Benefit–Cost Analyses for Security Policies

Benefit–Cost Analyses for Security Policies

Does Increased Safety Have to Reduce Efficiency?

Edited by Carol Mansfield and V. K. Smith

Benefit–Cost Analyses for Security Policies describes how to undertake the evaluation of security policies within the framework of benefit–cost analysis and offers a unique contribution to analysis of homeland security regulations in the United States. The authors outline how established procedures for benefit–cost analysis must adapt to meet challenges posed by current security policy, through examining specific security related regulations. The logic of risk assessment, selection of a discount rate, valuation of travellers’ time when delayed due to screening, valuation of changes in risks of injury or death, and impacts of terrorist events on the economy as a whole are among the issues discussed. An outline of the research and policy evaluation steps needed to build robust benefit-cost methods to evaluate security related regulations in the future is presented in the book.

Chapter 8: Macroeconomic consequences of terrorist attacks: estimation for the analysis of policies and rules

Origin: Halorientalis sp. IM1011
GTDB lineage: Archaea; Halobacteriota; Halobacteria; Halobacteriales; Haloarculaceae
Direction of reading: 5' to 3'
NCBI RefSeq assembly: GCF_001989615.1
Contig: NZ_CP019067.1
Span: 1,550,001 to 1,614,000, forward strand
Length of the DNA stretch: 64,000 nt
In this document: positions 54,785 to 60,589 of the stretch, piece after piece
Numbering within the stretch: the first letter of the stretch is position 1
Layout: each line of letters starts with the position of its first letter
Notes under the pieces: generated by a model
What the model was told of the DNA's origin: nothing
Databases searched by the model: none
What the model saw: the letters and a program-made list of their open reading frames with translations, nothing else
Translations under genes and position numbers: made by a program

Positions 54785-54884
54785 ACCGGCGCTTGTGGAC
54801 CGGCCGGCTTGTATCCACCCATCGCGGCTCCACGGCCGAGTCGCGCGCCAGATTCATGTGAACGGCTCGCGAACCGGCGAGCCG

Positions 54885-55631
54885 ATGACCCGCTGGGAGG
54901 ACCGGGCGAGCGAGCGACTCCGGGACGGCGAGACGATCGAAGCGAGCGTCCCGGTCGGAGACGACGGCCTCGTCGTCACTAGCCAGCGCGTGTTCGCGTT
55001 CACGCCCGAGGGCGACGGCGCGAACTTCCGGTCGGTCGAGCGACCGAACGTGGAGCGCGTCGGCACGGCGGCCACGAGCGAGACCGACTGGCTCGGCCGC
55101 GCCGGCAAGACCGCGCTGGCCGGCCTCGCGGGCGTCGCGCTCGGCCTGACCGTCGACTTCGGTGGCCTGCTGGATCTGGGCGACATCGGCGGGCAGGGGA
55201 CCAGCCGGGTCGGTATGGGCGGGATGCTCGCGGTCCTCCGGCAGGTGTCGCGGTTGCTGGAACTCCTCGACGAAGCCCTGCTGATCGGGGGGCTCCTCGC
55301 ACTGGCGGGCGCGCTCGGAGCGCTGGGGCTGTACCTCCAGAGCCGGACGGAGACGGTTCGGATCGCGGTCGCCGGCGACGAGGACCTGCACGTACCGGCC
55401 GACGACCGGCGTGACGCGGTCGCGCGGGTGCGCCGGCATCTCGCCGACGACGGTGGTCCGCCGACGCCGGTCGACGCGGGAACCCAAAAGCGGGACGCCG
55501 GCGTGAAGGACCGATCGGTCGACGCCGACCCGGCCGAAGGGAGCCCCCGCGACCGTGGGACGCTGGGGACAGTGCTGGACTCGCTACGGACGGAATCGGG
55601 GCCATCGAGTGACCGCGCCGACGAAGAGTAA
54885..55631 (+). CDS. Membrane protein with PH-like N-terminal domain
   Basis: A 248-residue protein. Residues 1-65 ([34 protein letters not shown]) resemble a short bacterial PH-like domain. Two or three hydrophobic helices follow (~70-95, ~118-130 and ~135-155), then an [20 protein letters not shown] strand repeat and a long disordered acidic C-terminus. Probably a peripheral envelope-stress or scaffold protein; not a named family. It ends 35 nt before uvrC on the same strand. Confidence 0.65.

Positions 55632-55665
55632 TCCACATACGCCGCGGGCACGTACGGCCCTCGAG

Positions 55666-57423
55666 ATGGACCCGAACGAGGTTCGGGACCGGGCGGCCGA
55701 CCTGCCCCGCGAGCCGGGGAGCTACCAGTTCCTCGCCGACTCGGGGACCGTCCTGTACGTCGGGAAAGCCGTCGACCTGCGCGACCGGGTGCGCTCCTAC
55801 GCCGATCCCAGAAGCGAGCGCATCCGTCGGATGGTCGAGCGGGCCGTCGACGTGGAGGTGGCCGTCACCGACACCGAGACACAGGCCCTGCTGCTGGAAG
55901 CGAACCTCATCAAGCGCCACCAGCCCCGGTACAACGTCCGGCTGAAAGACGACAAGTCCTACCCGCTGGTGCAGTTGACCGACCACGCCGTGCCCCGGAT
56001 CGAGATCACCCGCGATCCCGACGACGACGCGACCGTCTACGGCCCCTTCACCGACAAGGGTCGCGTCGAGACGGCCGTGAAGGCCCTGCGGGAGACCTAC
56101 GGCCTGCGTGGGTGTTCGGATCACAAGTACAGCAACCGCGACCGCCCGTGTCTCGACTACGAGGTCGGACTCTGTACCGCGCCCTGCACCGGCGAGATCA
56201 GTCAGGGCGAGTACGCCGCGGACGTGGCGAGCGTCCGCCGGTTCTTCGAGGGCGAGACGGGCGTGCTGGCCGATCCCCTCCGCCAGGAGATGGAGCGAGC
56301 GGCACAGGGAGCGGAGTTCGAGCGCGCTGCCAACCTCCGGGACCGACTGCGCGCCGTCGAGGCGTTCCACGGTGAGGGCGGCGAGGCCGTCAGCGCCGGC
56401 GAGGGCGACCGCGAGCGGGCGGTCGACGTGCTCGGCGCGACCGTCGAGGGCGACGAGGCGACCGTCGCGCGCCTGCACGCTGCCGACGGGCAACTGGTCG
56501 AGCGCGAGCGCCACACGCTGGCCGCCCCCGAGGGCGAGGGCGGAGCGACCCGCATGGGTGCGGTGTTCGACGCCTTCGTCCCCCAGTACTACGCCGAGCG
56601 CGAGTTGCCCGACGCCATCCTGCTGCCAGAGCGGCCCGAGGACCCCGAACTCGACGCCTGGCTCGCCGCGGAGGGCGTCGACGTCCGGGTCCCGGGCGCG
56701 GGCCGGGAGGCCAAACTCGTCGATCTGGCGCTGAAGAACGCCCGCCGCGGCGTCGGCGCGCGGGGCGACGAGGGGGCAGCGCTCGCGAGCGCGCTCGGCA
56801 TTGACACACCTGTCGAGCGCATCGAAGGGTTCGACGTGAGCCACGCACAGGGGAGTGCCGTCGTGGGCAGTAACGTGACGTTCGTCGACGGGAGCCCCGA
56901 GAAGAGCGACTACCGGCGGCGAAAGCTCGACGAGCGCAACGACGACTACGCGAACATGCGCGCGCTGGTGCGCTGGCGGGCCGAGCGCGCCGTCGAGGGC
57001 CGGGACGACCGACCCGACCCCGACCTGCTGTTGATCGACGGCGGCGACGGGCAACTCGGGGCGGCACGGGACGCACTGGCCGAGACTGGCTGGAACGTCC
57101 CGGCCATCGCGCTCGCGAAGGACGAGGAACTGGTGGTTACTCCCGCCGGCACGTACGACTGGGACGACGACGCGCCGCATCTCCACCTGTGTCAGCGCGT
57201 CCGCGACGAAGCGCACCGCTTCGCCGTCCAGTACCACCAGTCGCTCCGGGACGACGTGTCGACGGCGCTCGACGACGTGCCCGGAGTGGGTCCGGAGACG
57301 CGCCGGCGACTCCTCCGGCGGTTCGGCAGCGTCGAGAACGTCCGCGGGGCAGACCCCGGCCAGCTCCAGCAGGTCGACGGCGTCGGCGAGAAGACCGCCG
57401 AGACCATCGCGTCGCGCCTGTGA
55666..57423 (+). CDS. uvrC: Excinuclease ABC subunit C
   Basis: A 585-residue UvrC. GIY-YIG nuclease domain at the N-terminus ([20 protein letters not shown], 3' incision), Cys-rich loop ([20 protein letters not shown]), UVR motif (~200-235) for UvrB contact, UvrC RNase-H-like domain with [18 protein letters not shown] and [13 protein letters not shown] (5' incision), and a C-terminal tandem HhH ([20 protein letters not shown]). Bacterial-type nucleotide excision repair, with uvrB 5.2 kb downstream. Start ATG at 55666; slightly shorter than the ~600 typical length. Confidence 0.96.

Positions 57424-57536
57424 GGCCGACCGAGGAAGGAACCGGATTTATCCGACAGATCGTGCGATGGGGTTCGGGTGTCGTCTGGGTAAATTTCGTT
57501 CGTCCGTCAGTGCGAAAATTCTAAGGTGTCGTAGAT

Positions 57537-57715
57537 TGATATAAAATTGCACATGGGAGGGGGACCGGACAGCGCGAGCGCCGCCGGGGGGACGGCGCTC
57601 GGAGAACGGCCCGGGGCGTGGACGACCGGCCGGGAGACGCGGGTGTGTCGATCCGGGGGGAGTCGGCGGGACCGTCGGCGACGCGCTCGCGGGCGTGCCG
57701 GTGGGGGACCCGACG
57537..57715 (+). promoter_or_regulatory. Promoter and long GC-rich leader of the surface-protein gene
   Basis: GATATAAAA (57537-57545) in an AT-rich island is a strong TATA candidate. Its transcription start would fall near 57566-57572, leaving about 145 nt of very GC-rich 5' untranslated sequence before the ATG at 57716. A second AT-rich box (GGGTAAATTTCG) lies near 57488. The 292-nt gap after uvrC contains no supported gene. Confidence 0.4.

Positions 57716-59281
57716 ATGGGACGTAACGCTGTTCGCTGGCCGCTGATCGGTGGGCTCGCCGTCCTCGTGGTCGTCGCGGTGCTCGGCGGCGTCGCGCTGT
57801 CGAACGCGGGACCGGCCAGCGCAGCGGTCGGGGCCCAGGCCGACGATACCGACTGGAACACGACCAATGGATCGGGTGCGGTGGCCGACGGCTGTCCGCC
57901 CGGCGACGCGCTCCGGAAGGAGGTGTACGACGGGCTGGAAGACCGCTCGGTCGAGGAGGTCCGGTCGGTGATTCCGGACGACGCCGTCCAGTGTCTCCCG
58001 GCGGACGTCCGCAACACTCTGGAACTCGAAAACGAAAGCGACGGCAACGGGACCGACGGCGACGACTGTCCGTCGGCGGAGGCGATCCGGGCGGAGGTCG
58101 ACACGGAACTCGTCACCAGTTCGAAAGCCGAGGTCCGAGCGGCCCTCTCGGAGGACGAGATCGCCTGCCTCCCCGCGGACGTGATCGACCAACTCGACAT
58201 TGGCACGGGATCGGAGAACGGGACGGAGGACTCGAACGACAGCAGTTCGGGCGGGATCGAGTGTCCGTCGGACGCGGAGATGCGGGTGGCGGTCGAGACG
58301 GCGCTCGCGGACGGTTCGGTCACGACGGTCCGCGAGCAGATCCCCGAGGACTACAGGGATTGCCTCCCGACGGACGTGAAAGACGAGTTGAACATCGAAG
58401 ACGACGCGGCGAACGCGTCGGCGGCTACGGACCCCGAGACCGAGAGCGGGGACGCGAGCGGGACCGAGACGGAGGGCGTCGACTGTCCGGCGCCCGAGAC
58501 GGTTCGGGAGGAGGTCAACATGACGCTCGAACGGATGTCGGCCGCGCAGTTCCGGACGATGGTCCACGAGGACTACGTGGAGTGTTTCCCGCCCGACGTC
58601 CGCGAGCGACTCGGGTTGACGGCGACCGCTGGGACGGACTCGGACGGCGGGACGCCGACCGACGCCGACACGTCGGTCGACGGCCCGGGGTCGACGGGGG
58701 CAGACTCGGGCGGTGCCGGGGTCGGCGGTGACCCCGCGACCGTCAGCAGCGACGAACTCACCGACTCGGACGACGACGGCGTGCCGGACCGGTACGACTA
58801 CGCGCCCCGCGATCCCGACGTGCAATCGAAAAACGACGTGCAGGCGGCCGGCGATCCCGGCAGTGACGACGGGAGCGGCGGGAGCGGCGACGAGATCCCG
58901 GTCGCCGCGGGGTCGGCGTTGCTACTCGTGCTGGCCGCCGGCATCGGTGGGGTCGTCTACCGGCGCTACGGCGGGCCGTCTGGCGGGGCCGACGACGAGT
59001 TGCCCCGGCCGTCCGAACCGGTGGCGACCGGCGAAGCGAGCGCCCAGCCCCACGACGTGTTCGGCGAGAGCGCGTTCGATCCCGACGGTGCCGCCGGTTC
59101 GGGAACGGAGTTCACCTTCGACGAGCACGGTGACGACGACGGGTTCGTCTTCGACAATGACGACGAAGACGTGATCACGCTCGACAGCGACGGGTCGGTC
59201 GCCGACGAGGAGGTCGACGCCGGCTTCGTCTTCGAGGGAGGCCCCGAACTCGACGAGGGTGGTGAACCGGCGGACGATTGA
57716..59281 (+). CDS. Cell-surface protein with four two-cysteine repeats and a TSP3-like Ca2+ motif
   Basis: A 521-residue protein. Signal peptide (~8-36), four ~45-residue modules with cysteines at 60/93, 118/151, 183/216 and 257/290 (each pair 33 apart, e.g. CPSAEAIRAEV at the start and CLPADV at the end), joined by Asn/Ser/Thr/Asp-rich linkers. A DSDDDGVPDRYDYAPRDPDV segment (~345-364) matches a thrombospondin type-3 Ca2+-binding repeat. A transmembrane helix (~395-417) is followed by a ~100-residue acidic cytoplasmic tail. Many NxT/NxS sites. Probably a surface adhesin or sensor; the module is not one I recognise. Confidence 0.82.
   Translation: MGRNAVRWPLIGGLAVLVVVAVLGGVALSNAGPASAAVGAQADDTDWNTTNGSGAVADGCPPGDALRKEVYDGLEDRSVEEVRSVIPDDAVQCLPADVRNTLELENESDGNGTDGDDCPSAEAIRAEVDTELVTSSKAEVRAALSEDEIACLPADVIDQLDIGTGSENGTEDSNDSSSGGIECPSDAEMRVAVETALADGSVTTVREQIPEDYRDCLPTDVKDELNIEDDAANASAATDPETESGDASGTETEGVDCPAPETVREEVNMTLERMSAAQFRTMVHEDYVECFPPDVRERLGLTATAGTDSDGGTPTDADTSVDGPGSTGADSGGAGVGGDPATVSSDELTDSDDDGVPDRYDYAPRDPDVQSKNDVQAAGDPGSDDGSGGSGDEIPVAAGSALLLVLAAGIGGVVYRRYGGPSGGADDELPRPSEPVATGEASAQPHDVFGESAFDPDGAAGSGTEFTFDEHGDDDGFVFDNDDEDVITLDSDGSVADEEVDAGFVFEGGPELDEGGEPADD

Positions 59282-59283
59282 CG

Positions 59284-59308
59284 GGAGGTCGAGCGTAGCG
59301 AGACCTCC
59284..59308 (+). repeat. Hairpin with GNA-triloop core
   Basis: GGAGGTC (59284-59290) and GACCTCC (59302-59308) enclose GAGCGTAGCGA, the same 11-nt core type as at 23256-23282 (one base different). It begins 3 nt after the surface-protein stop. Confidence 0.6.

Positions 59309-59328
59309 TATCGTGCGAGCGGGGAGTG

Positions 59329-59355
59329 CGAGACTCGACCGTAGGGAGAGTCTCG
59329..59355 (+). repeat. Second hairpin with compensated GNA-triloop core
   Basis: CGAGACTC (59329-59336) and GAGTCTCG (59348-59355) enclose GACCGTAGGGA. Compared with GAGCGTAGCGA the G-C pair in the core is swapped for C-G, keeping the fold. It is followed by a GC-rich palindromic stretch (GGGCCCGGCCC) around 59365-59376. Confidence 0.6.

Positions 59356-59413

Adam Rose

Subjects: economics and finance, methodology of economics, public sector economics, politics and public policy, terrorism and security


The design of policies and rules to reduce the risk of terrorist attacks should ideally be evaluated according to an objective decision-making framework such as benefit–cost analysis (BCA). Although BCA is straightforward in principle, it often involves many serious complications when applied to the area of terrorism. Direct costs of interdiction are straightforward in terms of enumerating expenditures on equipment and manpower. However, complications arise here, because tactics such as increased screening and surveillance cause significant spillover effects, including inconvenience, delays and congestion, as well as potentially positive or negative changes in the overall business environment. Direct benefits of risk reduction are the avoided losses. These losses begin with direct property damage and direct business interruption, as well as injuries and deaths, though the measurement of the latter can be quite controversial. More difficult to assess are the indirect impacts that spread through a regional or national economy. The estimation of losses is further complicated by some unique considerations relating to terrorism in the realms of resilience and behavioural responses.

You are not authenticated to view the full text of this chapter or article.

Elgaronline requires a subscription or purchase to access the full text of books or journals. Please login through your library system or with your personal username and password on the homepage.

Non-subscribers can freely search the site, view abstracts/ extracts and download selected front matter and introductory chapters for personal use.

Your library may not have purchased all subject areas. If you are authenticated and think you should have access to this title, please contact your librarian.

Further information